Situated in northwest Morocco, Chefchaouen is the Blue Pearl of the kingdom. Famous for its photogenic blue-hued walls and houses, the city is one of the most treaded grounds by tourists.
Founded in 1471 by Moulay Ali ibn Rashid al-Alami, the city was originally a small kasbah designated to defend the Portuguese. The city was seized by the Spanish in 1920 and was only returned after the independence of Morocco in 1956.
The city is also known as Chaouen, a domestic name given by Moroccans. It is a popular tourist destination because of its vicinity of Tangier and Spanish enclave of Ceuta. This is the reason why the city is a home to more than two hundred hotels and caters as a popular shopping destination with numerous handicrafts shops. The city is also known for goat cheese, which is popular among tourists as well.
Tale of the Blue-Rinsed City
The fact that Chefchaouen is washed in blue color with its walls and houses all hued still remains a point of interest for many. There are many theories that try to suggest as to why is the city painted in this particular color.
According to some, the color was a way of keeping away the mosquitoes, while others believe it symbolizes sky and heaven, serving a reminder of a spirituality. There is a third theory that claims that Jew refugees who fled Hitler’s Germany and sought haven in this city painted it blue in 1930s.
However, no theories have been proven.
Chefchaouen and Its Countryside
The city is popular for more things than just its blue hues and historical sites. The third reason behind the city’s popularity is its cultivation of kief, cannabis. The countryside of Chefchaouen is one of the main producers of cannabis in Morocco.
A nearby tourist attraction is the Kef Toghobeit Cave, which is the deepest cave in Morocco and third deepest in Africa. The cave is currently known to be 722 meters deep, however geologists affirm that the numbers could be higher.
The cave is well-explored, though its full extent is still unknown. The inside of the cave is covered in rubbles and loose boulders.
The Scenic Beauty of Chefchaouen
Perched on the foothills of the peaks of Rif range of Atlas Mountains, the city offers a spectacular view of nature. The sunset and sunrise are an artistic combination of colorful sky, glowing mountains, and the city changing shades under the changing light of the sun. The higher points of the artsy town serve as vantage points from where you can savor the panoramic sight of Atlas, verdant valleys, and the blue-rinsed houses.
The Perks of Visiting Chefchaouen
With four imperial cities and a bustling Casablanca, Chefchaouen often gets overshadowed. However, because of the generous number of tourists visiting it regularly, the city has gentrified quite swiftly and definitely learnt how to welcome its guests.
It offers a range of accommodations to choose from, many food junctions that serve delicious Moroccan dishes and international cuisines, restored and well-preserved historical sites, and finally, a no-hassle peaceful atmosphere, surrounded by green hills.
If you are a holiday person looking for a tranquil city to unwind and relax, then Chefchaouen is where you head. Not to mention, it is home to some most exotic and authentic Moroccan hammams.
Top Landmarks in Chefchaouen
There’s a lot you can explore in the city. Here is a list that will make it easy to curate your ideal personalized itinerary.
Medina – One of the prettiest medinas in Morocco, this fortified city is small and uncrowded with swirling streets painted in shades of blue and white. Certain parts of the medina are decorated with terracotta tiles that remind of the Andalusian influence on the city.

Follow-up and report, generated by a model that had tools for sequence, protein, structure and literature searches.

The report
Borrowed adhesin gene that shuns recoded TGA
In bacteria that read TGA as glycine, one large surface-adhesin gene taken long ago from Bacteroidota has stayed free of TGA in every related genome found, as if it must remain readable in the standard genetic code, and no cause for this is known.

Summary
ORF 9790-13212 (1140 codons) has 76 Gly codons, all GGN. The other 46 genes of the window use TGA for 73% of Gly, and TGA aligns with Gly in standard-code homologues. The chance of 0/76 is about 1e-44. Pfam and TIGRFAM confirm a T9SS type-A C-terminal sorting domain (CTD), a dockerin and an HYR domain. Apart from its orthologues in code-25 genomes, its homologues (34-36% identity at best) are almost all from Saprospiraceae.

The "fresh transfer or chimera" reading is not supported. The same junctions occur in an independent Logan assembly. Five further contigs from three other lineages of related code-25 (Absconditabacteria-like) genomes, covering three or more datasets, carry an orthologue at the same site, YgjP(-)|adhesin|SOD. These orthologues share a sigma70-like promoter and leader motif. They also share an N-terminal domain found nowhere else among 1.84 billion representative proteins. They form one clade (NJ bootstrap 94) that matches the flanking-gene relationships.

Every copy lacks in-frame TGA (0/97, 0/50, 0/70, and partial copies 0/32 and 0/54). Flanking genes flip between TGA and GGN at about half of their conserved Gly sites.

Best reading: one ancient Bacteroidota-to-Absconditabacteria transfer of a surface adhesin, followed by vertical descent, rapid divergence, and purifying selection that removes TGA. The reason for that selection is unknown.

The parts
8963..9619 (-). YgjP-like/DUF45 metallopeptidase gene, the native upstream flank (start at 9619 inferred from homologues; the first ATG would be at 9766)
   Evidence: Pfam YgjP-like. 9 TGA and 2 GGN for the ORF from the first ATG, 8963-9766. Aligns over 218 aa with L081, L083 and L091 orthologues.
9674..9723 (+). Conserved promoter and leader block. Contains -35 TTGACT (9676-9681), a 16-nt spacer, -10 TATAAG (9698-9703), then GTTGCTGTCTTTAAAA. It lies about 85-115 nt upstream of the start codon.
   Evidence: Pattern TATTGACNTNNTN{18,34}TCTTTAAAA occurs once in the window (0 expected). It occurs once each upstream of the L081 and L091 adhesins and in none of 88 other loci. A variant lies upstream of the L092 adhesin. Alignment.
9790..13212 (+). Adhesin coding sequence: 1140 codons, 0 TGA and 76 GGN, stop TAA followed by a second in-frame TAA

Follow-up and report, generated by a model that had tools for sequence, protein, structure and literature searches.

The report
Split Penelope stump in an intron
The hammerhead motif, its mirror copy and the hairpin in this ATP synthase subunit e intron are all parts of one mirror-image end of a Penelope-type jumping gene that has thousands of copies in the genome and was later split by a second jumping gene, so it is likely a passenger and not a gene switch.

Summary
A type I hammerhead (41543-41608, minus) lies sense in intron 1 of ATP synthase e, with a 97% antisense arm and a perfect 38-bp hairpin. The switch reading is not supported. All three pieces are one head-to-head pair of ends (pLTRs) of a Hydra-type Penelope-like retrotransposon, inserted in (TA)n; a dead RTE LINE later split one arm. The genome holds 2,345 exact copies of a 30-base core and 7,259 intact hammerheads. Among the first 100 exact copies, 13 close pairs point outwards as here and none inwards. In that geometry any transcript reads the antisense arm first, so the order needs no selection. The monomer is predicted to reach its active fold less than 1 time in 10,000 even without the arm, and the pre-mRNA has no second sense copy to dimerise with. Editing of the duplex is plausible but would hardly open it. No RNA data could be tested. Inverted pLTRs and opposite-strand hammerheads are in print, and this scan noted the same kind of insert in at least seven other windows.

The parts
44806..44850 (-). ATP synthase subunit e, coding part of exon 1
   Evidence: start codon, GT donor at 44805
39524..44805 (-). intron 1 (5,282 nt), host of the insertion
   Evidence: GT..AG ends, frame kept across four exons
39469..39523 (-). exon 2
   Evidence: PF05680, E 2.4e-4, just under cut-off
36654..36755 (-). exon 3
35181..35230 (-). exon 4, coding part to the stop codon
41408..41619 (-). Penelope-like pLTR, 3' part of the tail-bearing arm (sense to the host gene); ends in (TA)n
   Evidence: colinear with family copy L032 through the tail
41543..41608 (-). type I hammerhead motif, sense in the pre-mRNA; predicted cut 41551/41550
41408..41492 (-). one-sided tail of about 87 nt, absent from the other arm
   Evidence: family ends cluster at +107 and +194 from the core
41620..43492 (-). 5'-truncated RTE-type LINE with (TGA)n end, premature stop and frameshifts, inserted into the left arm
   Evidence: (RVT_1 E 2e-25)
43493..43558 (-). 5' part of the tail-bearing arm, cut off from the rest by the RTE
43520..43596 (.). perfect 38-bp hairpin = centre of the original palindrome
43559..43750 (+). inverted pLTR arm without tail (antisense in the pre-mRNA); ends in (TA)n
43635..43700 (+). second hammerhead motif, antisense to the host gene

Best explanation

In the center of the medina is the Plaza Uta El Hammam with its red-colored kasbah that stands adjacent to the Grand Mosque. Inside the kasbah is a tranquil garden, a museum, and an art gallery to explore.
Waterfall of Ras El Maa – Situated beyond the northeastern gate of the medina is this waterfall gushing out of the mountain. The sound of water and leaves rustling on the trees offer a serene place to spend the sunny afternoon.
Spanish Mosque – Constructed in 1920s by the Spanish, the mosque stands as the memoir of the colonial years. Once crumbling into rubbles, the mosque has been restored. Sitting on the hilltop with a high minaret, the mosque offers a clear and farther view of city and its mountainous surroundings.
The visitors can take the 45-minute hiking trail from Bab Al Ansar. The route will pass through the Ras El Maa river and spiral through the villages before stopping at the mosque.
Food in the Blue City
The historic blue city offers some great places to eat. Here is a small listing that will help you choose the best eatery for your taste.
Restaurant Aladdin – The place serves dishes centered around Moroccan and Spanish cuisines, including Spanish omelet, kefta, all kinds of tajine, and couscous. The enchanting atmosphere sets the right mood for a romantic dinner.
Pizzeria Mandala – As the name suggests, the restaurant is mostly about Italian cuisine. Just steps away from Outa Hammam, it is the place you go to for a delicious plate of pasta or pizza.
Al Kasbah – Visit the restaurant to enjoy authentic native dishes in the traditional Moroccan ambience. Al Kasbah is drenched in the color of the city, you can choose to sit in the dining room or outside that is surrounded by plants.
Les Raisins – Looking for a vantage point to enjoy food while admiring the mountainous landscape? Then Les Raisins is the restaurant you head towards. It offers both Moroccan and international cuisines.
Chefchaouen or the Blue Pearl of Morocco is one of the most beautiful cities in the kingdom and cannot be missed at any cost. It’s for everyone, be it history buff, shopaholic, or holiday maker. The athletic will find haven in the high peaks of Rif range. There are trekking and hiking trails for outdoor action.